Carry-on compacts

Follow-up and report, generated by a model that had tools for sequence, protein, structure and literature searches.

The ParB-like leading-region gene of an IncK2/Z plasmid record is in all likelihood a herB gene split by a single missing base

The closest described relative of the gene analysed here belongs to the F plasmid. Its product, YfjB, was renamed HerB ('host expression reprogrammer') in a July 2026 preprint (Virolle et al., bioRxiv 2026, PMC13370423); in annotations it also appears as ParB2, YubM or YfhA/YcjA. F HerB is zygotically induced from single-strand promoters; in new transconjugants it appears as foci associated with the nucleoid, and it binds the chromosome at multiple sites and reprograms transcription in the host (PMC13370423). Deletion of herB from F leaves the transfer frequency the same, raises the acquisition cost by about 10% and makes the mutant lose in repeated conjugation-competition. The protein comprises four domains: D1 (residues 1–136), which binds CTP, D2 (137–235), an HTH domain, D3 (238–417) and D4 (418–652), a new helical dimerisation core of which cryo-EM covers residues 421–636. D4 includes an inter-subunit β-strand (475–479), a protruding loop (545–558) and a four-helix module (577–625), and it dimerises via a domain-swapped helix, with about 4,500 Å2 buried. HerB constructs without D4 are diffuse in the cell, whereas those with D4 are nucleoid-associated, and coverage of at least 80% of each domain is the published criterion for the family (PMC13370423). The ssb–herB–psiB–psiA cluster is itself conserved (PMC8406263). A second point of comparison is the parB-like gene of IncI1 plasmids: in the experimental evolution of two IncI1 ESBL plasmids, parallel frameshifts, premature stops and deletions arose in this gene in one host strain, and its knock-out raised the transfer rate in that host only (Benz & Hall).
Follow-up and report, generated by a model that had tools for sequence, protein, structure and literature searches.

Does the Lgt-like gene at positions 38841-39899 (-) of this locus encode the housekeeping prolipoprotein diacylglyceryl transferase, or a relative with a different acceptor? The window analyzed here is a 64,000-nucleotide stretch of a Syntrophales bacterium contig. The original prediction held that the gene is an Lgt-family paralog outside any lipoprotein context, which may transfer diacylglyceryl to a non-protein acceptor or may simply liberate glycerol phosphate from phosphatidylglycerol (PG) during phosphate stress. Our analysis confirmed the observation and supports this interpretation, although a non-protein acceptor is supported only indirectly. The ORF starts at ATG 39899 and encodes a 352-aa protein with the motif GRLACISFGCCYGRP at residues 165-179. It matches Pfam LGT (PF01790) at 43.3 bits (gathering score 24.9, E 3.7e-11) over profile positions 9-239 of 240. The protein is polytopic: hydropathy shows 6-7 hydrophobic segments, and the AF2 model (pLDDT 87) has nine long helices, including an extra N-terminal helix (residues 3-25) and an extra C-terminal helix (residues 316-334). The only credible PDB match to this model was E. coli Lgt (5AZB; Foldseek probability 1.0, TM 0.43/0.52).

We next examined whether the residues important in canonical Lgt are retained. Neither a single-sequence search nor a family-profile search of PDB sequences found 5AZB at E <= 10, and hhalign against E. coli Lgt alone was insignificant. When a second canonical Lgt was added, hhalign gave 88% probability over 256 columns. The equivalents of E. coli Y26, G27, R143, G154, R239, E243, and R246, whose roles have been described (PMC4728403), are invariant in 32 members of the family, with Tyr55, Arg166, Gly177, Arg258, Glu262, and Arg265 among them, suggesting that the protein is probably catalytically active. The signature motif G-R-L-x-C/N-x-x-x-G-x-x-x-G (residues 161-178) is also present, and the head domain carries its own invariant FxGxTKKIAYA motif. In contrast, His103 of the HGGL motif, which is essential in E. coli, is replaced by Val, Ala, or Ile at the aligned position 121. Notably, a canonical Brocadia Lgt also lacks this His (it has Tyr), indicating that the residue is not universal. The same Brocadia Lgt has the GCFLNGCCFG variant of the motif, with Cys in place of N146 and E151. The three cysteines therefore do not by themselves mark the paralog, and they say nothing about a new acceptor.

STOP MUCKING ABOUT: WE VE GOT FIVE POCKET CAMS WITH MASSIVE... ZOOMS SO YOU CAN REALLY GET CLOSE UP TO AREAS OF NATURAL BEAUTY MATRON! With smartphone cameras coming at their rears-pardon!todaycompacts need to stand out-ooh!to tempt holidaymakers. How? By offering more tech for less. This bunch of point-and-shoot "travel zooms" offer big frontage-up to 24x optical-yet remain compact enough to slip down your trunk or trouser. They re also crammed with creative extras including digital filters, manual modes, 3D and panoramic shooting, and geotagging. Phwoar! In short, with great results from minimal bulk these pocket cameras will help you avoid cockups and boobs on holiday. Meep! CANON IXUS 510 HS Credit card-sized, 12x zooming, swank-o-matic snapper Returning to the squared-off. boxy design of the decade-old original digital Ixus, the black or white-bodied 510 HS is the smallest camera on this compact test. Its 1/2.3-inch CMOS sensor isn t overly burdened with pixels, which avoids grain at higher sensitivity settings; resolution here is a workable 10.1 megapixels. There s a stabilised, 12x optical zoom-not the biggest reach in its class with a maximum telephoto setting of 336mm, but much better than a bog standard 5x. The lens widest 28mm equivalent setting also ensures it s adept at cramming more expansive landscapes into the frame. The very definition of dinky, the 510 HS slots easily into a back pocket, but a solid metal build means it also feels substantial. The Ixus range has always majored on form as much as function, so buttons are as minimal as the pricing is not. You get the basics-shutter release, on/off. a zoom lever and playback button-and no more, with a 3.2-inch touchscreen LCD controlling everything else. As the shutter can be fired with a screen tap, operation is literally point and shoot. Bright, clear and colourful though its snaps may be. they re not a match for the slightly larger and less primped snappers on this test. Video is strong though, with full-HD, 1920x1080 resolution at a standard 24fps with stereo sound, an HDMI output, and a slow quiet and steady zoom. With Wi-Fi extending connectivity options on the move-although not to the point that you can upload to Facebook et al direct from the camera-this Ixus is both petite and practical. Its zoom power and VFM may fall short of some test rivals, while the 190-shot battery and use of fiddly microSD cards may irk a tad, but for portability and style it s exceedingly hard to beat. LOVE A ton of tech in a clean-lined body the size. Solid build despite the above. Smooth, silent zoom with both stills and video HATE As pricey as some compact system cameras. Relatively short battery life and zoom range NIKON COOLPIXS9300 A helluva lot of features in an attractive, high-value package It s not the most compact travel zoom, especially compared to the Canon Ixus. but this Nikon is still pocketable and an excellent option. The slightly greater girth makes room for an eight-option shooting mode dial, a stereo mic and a GPS antenna that tags snaps with shooting location data. Most impressive of all, there s a pop-up flash. The same sized-1/2.3-inch-CMOS sensor features as in the Canon, here affording a larger effective resolution of 16 megapixels. Again, it s backlit for higher sensitivity. The 18x optical zoom is longer than the Ixus too, supported by lens shift stabilisation. The S9300 powers through this range in just less than three seconds, although there is a bit of buzz as it does so. The S9300 majors on auto stills operation, with some creativity added via limited effects modes, as found on Nikon s DSLRs. Most usefully, you can pan up or down to create automatically stitched together panoramic shots of between 180 and a full 360 degrees. Some shots are soft at maximum telephoto and colours are typically a little cool, but results are otherwise good for a compact. The Nikon also offers strong. 1920x1080-pixel video, with a red video record button that falls readily under the thumb. The three-inch LCD has a 4:3 aspect ratio, which isn t ideal, but the high. 921k-dot resolution does provide a clear view. Operational buzz picked up by the stereo microphones is minimal. With a tactile rubber coating at the front plus a thumb pad at the back. Putting a big zoom in a pocketable package, it s a lot of camera for the price and size, and well worthy of your holiday dollar. LOVE Broad focal range in a pocket-sized cam. Built-in GPS is handy for holidays. High-class construction combining style and usability HATE Scroll wheel at the back is a tad slippy. Some zoom noise. No Wi-fi PANASONIC LUMIX DMC-TZ30 Reliably high quality compact gives you plenty of options Travel camera pioneer Panasonic s latest range-topper has a 20x optical zoom that serves up an ultra-wide, 24-480mm focal reach in 35mm terms. You also get GPS, 14 big megapixels and something not a million miles away from a handgrip, but with lens retracted it passes the fit-in-a-trouser-pocket test. On paper this seems to have all the right elements for a compact jack-of-all-trades. Amping up the spec is full-HD video with one-touch recording and stereo sound, while a small but reassuringly stiff shooting mode dial with manual and custom settings, as well as the usual fully automatic intelligent mode, ensures the right settings get applied whatever your experience level. In short, you can point and shoot, but override the camera s choices when you want. Touchscreen operation is also included-you can fire the shutter and zoom by sliding a finger across the screen-although the physical controls feel more natural. But then thatthe beauty of the TZ30: it offers you options rather than forcing you to use it in the way Panasonic thinks best. Pictures are bright and detail rich straight out of the camera, with colours packing plenty of punch whether youtalking video or stills. With performance consistent, delivery reliable and styling conservative, this doesn t feel in any way fresh or exciting; it just feels like yet another high quality camera from Panasonic-that s a good kind of boring. LOVE Full range of manual controls alongside the full auto settings. Useful, rubber-feel handgrip at the front. Generally strong feature set and performance HATE Small touchscreen icons. Pricey for a point-and-shoot. Drab design and styling Carry-on compactsOLYMPUS SZ-31MR A chunkier number than the others, but with smaller appeal If you prefer your compacts like downsized DSLRs rather than minimalist matchboxes with lenses, this retro-styled Olympus has the edge. Fielding a 16-meg resolution from the standard. 1/2.3-inch, back-lit CMOS sensor, with stereo mics flanking an elegant, pop-up flash, it looks like it means business. The mode dial is chunky and easy, thereone-touch. 1920x1080 HD video recording, and the SZ-"Super Zoom"-31MR has the biggest optical zoom on test at 24x, or wide angle 25-600mm 35mm equivalent. Italso digitally extendable to 48x, which is pretty phenomenal for something that just about squeezes into your pocket. It quite literally zooms through its range too. powering from wideangle to maximum telephoto in just three seconds, and the full zoom can be used for video recording to boot. Though short on manual features the SZ-31MR is big on gimmicks, such as Olympus admittedly fun Magic Filter effects. Among the 12 image-enhancing options are a miniature mode, mosaic and dynamic range filters, along with a beauty mode. These settings are navigated via a scroll wheel in place of the more conventional command pad or cross keys at the back. Its implementation here is less slippery than on NikonS9300, but itstill not an ideal arrangement. A big zoom like the one here is great... so long as you can get consistently sharp results shooting handheld at the further reaches of its extension. With pretty much the worst stills and video performance on test, this lacks the class of Olympus compact system cameras. Even so, it s a solid performer, and fans of retro chic may be swayed by its look and feel. LOVE Widest focal range on test. Big. obvious buttons and controls make it an easy step up from a smaller, cheaper compact. Some nifty digital filter effects HATE Plasticky build. Bulkier than rivals. No GPS or Wi-Fi. Soft images when shooting handheld at high zoom SONY CYBER-SHOT DSC-HX20V Returning to the square-edged boxy design of the original The main sales pitch on this, the middle model in Sony s High Performance compact range, is a 20x optical zoom lens, encased within a solid-feeling, metal body of almost identical dimensions to Panasonic s TZ30. Sony s cam has the highest resolution on test at 18.2 megapixels, though the actual sensorno larger than the others at 1/2.3-inches. More pixels in a tighter space usually equals visible noise at higher sensitivity settings, and shots at IS03200 and IS012800 can look slightly artificial, but it s generally a fine stills performer. Something of a Cyber-shot "best of, the HX20V offers 1920x1080 video with stereo sound, with a 50fps frame rate giving a more cinematic feel. You also get SonySweep Panoramas, 3D files viewable on compatible TVs. and even a background defocus mode to generate impactful, DSLR-like "bokeh" portraits. With all this in a camera that can be fetched out of a back pocket, the HX20V is pretty much the ideal travel camera, with the only negatives being the high-ish asking price-although you can find it cheaper online and on the high street. There are also some minor niggles over its imaging performance, if we re nitpicking. However, results are consistently sharp, even when shooting handheld at maximum zoom, and all things considered stills are probably the best on test. With the video also being best on test and an impressively large feature set packed into an impressively compact thing, the HX20V is the best of the current batch of travel zooms, and as essential on your travels as sun block. LOVE Broad zoom range in a pocket-friendly camera. Sharp shots achievable handheld at maximum zoom. Solid build. Versatile mode dial and features galore HATE A bit pricey. Some minor issues with stills-frame and barrel distortion at wider angles, for instance